In case you hadn’t noticed – Facebook was hit by a vast service outage two weeks ago. Why might such an outage become more likely in the future, and what should businesses do to mitigate the risk? Brian Coombs explains.
To paraphrase a certain movie’s tagline, you don’t get to 3.5 billion users without suffering a few outages
For nearly six hours, the Facebook family, including WhatsApp, Instagram, Oculus VR, plus any apps requiring login via Facebook API, was hit by a massive outage, forcing its users to presumably read a book or watch TV without any handheld distractions.
Telcos reported record levels of SMS messages sent during the outage
, with Three UK saying it had been busier than the last three New Year’s Eves combined as people resorted to plain old text messages.
Such was the scale of the outage that it hobbled Facebook’s own ability to respond, crashing everything from their internal messaging platform to the access passes required to fix servers.
Being knocked offline for a few hours isn’t uncommon for any app or website; Facebook last suffered a big one back in 2019
, taking down its apps for over 14 hours, and prior to that another full outage in 2008, when it had a mere 150 million users.
Just days before the recent blackout, a similar DNS error had brought down Slack
for approximately 1% of users, but these types of issues are usually localised problems that are quickly resolved, affecting only a minority of customers or a select few services.
However, Facebook’s latest outage resulted in Downdetector receiving over 10.6 million reports
from around the world, the most it had ever received for a single incident.
This issue extended to remote access for engineers still working from home
, forcing the company to call in a team to solve the problem in-person at the company’s Santa Clara data centre. Reports that engineers had to cut through server cages with an angle grinder have since been corrected
. The finger of blame has been pointed at Facebook’s new peering automation
service introduced in May, a hypothesis supported, if not confirmed, by the company’s own statement
This catastrophe couldn’t have come at a worse time for Facebook, striking a day after the Facebook Files
whistleblower Frances Haugen, former product manager of its Civic Misinformation team, publicly revealed herself. Moreover the outage has highlighted another problem for Facebook; excessive reliance on its singular platform, and the hazards of placing all digital communication eggs in one basket.
While the fact that you couldn’t spend the evening scrolling through Facebook, or using other apps that depend on it for authentication, won’t have troubled too many consumers, there is a more serious side to this sort of outage. From businesses running their communications though WhatsApp or Messenger, to those selling on Facebook Marketplace, an outage like this will seriously hurt sales and customer services, driving them to expand their channels as a result.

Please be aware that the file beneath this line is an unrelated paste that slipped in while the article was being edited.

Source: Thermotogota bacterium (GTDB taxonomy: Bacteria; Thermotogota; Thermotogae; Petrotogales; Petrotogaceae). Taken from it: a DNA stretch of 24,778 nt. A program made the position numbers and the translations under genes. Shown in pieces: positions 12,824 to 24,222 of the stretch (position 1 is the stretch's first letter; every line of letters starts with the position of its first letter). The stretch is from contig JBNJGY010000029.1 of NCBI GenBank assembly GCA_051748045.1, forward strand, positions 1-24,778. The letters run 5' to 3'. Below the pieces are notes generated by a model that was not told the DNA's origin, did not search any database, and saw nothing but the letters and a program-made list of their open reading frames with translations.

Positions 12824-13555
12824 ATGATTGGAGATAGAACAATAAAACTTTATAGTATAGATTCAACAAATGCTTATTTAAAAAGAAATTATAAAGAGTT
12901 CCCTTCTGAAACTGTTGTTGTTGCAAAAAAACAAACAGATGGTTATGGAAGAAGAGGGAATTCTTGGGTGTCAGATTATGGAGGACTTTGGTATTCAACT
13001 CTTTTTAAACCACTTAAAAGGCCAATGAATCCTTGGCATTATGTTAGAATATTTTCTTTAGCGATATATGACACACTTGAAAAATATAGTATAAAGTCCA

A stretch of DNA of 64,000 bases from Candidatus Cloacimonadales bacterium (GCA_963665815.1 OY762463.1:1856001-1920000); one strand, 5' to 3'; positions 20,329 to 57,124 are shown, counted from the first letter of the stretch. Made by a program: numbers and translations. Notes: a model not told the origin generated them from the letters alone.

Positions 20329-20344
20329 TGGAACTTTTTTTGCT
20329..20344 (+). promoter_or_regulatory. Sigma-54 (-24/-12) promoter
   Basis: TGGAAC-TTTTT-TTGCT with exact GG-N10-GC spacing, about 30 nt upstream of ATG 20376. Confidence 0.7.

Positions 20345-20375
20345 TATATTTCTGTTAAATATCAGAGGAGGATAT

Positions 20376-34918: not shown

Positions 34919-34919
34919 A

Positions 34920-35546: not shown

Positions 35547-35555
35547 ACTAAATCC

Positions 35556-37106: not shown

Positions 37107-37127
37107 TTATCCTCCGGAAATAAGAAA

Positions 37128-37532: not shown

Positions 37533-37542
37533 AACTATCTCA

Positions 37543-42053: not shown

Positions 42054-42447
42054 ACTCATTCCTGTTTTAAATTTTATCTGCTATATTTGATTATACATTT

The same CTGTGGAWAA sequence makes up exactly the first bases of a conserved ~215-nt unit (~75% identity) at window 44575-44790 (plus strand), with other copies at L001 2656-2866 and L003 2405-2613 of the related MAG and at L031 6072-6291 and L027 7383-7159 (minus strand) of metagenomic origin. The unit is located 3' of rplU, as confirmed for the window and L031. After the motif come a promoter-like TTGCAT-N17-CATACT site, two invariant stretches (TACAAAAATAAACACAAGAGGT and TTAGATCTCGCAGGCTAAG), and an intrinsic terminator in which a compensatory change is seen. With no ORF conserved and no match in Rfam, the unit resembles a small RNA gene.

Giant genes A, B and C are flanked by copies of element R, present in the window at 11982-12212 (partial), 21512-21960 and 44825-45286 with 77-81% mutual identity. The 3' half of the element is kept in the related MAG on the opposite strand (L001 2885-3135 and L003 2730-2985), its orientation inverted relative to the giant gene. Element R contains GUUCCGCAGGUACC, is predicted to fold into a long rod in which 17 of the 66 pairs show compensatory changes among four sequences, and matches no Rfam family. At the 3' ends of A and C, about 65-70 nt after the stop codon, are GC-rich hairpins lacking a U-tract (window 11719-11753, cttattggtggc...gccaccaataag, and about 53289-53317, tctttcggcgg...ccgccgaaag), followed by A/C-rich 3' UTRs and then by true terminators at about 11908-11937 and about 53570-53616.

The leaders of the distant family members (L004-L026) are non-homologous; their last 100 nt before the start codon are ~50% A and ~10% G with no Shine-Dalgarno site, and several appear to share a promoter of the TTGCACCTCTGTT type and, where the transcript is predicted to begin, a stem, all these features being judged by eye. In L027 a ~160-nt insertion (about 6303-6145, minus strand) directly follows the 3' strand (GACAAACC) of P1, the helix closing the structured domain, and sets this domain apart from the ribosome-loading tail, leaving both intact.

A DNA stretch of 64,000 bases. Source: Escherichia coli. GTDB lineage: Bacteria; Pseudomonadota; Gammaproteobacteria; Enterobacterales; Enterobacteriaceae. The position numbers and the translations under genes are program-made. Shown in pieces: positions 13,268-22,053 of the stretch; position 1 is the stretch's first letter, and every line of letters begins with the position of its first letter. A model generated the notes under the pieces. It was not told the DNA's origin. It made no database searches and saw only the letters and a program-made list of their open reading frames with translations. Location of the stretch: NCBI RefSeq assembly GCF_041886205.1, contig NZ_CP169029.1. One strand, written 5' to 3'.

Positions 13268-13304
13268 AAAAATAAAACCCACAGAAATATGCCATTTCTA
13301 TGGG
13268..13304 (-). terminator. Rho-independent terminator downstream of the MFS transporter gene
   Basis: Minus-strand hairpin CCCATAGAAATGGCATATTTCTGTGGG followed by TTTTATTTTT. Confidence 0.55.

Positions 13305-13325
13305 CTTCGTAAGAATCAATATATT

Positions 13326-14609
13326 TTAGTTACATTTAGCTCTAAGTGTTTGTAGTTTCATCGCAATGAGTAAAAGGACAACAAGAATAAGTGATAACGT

Such outages could also become more likely as the company realises its ambitions to consolidate
the ostensibly separate WhatsApp and Instagram into Facebook, whilst it continues to subsume an increasing number of other start-ups
This, plus other high-profile events, such as June’s Fastly outage
, has raised questions about the stratification of essential Internet services in the hands of just a few organisations.
In recent years, “Login with Facebook/Google/Microsoft” has become ubiquitous across the web. It has definite advantages for users, eliminating one step in the registration process and it’s one less password to remember – but it means that if the identity provider is down, so too is your website or service. For companies using this as their sole method of authentication – including Facebook itself – this means a total business shutdown.
How can your business avoid the same fate?
The obvious answer is by using a configurable authentication system that can easily support multiple sign-in options. For example, we use Red Hat Single Sign On
(or Keycloak as the community version is known) in the Cerillion Enterprise BSS/OSS suite
which allows for a traditional distinct username/password but also with a quick configuration change you can enable your users to authenticate via Facebook/Google/Microsoft or on the enterprise side more likely Azure Active Directory. If one of these is down your users can still at least use one of the other methods to get into your application ensuring a strong degree of resilience - certainly more than Facebook, at the very least.
Businesses must weigh up the benefits of tying themselves into an ecosystem such as Facebook for the ease of access and reach it brings. Ultimately, what is worse for your business: being locked into a closed system, or being locked out in the event of downtime?
Those that do depend on these apps would greatly benefit from diversifying their means of commerce and communications to effectively manage their operations and deliver the best possible user experience. This isn’t something that you should have to handle yourself; there’s plenty of software out there that can manage this for you.